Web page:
The role of zinc and magnesium in depression
January 6, 2017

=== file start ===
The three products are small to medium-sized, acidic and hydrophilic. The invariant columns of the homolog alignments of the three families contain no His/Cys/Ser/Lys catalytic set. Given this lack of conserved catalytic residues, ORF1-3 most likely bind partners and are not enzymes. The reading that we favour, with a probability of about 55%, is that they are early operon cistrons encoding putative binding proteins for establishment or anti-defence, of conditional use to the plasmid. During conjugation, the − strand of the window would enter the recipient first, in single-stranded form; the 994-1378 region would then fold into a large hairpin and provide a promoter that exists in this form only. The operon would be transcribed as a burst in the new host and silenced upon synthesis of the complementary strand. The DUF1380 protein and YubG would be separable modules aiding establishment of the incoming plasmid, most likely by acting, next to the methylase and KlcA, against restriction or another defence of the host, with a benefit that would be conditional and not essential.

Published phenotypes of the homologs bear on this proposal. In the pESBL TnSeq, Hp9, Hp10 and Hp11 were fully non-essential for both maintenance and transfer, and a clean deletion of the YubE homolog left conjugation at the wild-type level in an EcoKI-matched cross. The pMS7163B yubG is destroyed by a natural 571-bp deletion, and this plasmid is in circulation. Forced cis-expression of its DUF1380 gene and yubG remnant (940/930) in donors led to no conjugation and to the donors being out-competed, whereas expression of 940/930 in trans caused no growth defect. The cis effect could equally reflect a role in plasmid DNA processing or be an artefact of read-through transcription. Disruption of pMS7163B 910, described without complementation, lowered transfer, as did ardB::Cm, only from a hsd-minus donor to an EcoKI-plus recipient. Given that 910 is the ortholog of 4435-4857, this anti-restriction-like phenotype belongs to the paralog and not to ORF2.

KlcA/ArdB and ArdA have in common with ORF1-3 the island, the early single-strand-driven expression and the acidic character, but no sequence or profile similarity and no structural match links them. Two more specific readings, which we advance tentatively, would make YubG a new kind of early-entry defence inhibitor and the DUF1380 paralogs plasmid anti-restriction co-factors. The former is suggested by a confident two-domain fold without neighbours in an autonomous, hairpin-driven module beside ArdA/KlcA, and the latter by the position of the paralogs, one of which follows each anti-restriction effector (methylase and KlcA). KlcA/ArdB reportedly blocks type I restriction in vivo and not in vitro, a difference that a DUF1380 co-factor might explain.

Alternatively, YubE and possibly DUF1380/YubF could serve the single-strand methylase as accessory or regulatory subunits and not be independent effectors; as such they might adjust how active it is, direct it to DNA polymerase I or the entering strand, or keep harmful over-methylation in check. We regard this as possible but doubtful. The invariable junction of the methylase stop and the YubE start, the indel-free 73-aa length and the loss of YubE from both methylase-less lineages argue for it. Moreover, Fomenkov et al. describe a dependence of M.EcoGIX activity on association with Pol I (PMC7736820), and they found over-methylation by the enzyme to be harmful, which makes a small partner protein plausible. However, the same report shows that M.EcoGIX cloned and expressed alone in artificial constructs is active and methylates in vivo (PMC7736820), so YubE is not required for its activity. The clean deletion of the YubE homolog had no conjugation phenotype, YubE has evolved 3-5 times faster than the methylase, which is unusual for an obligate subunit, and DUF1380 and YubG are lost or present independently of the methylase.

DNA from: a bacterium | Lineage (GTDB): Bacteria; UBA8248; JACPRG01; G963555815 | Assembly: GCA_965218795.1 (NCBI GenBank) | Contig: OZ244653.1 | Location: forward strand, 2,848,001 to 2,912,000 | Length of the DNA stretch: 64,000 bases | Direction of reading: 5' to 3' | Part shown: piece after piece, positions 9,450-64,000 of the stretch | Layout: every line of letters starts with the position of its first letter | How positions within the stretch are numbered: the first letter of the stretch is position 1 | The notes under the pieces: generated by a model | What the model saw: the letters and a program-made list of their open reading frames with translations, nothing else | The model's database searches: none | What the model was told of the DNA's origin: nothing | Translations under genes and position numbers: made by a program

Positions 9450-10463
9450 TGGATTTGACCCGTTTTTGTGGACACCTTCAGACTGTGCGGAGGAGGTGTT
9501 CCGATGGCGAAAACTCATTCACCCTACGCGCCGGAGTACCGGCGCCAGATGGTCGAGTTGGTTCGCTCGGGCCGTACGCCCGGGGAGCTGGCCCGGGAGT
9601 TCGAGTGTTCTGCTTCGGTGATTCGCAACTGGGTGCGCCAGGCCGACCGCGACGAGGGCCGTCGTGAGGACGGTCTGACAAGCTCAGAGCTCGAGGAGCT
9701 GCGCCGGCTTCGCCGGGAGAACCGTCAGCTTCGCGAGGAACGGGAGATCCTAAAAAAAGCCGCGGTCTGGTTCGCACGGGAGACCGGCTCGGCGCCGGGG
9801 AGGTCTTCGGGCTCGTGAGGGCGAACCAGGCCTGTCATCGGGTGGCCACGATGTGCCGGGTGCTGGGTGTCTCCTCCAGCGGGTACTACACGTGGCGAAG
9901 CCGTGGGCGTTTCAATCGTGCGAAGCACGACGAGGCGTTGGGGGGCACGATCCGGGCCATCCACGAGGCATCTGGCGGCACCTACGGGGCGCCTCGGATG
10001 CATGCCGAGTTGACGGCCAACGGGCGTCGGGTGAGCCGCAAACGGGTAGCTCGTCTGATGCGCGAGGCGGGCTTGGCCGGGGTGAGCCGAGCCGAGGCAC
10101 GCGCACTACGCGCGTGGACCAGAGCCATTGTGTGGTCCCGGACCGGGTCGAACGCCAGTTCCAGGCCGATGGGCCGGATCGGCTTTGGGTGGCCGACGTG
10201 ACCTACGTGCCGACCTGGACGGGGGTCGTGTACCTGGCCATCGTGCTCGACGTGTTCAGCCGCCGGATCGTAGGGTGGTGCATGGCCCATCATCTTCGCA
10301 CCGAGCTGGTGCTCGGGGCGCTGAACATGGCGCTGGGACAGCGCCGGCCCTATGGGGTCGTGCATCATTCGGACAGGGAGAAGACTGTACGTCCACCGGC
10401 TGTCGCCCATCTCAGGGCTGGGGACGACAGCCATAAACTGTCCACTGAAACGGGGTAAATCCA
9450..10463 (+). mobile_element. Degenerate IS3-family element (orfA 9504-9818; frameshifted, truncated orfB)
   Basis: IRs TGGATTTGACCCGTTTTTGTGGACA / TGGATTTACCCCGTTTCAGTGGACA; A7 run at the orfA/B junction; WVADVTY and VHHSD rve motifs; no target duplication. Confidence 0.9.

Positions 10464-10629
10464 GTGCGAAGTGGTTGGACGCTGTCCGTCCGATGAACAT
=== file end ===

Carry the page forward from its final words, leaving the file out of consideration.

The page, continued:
Though micronutrient deficiencies were presumably thought to occur in more developing countries, micronutrient depletion has become more prominent in industrialized nations, as poor dietary patterns marked by excess sugar and processed food intake lead to an epidemic of modern-day malnutrition. Research shows minerals support key functions in mood disorders, including neuro transmitter synthesis, cellular metabolism, and immunocompetence, and studies indicate nutrients can play a significant role in an individual’s mental health status, according to a report by James Greenblatt, MD, Winnie To, BS, and Jennifer Dimino, MS. Whether poor nutritional status is a cause or effect of poor mental health continues to be debated, however, the prevalence of poor nutrition among depressed patients is indisputable. Nutritional deficiencies have frequently been associated with the incidence and increased risk of depression symptoms. In a population study that included 13,486 children and adolescents, excess consumption of low nutritional content foods was correlated with increased aggression, violence, and psychiatric distress. Other studies indicate a positive correlation between rates of depression and poor nutrition. One looked at 184 elderly individuals, and researchers found that up to 50 percent had nutritional inadequacies and comorbid depression. Current research illustrates the vast array of mental health complications that may arise because of micronutrient deficiencies, including impairments in cognitive function and effects on brain morphology, and disruption of neurochemical pathways. Micronutrients are vital in enzymatic reactions responsible for neurotransmitter synthesis and preservation, and mineral deficits have been identified in the pathophysiology of depressive symptoms, according to the report. Minerals are essential in the enzymatic activation of brain-derived neurotrophic factor (BDNF), a protein that regulates neuronal plasticity and promotes the maturation and differentiation of new neurons in the he CNS and the peripheral nervous system. Animal studies show that stress can reduce BDNF expression and activity in the hippocampus, and clinical studies show lower serum levels to be lower in depressed patients, the report says. Augmentation strategies that can facilitate BDNF expression have been emerging as an area of interest among researchers, and zinc and magnesium have quickly made it to the top of the list. Zinc is one of the most abundant trace minerals in the brain and supports several physiological functions. It activates the CNS and the peripheral nervous system. The bioavailability of zinc can influence CNS function through a variety of mechanisms, and diets scarce in zinc have been known to result in behavioral disturbances and diminished brain function. Researchers looked at 1,643 depressed patients and 804 control participants showed that peripheral zinc concentrations were lower for depressed patients. Studies found that pairing a zinc supplement with antidepressant therapy can be a more effective method of treating patients with major depression. On the other hand, magnesium acts as a central regulator of the metabolism and modulator of calcium and potassium transport. Like zinc, magnesium is critical for enzymatic, hormonal, and neurotransmitter processes. Evidence suggests that magnesium can mitigate depressive symptoms, whereas magnesium insufficiency may aggravate stress responses. The repletion of magnesium levels is often associated with improvement of symptoms typically following antidepressant therapy or recovery from depression. Studies also distinguish magnesium as an effective adjunct in the treatment of depression and anxiety; in these settings, it modulates stress response mechanisms, the report details. Depression is a disabling, chronic illness: the majority of patients have unresolved symptoms despite first-line antidepressant treatment. Minerals are vital in achieving optimal cognitive function. Inadequate levels of zinc and magnesium have direct, observable effects on biomarkers of mood and behavior. Targeted mineral supplementation has the potential to augment treatment response and yield improvement in clinical symptoms. Adjunctive use of nutraceuticals may improve the therapeutic efficacy of pharmacological treatment by modulating underlying neurobiological mechanisms. Additional research studies that evaluate micronutrient therapy in large-scale populations will help strengthen understanding of the clinical application of minerals in the treatment of depression.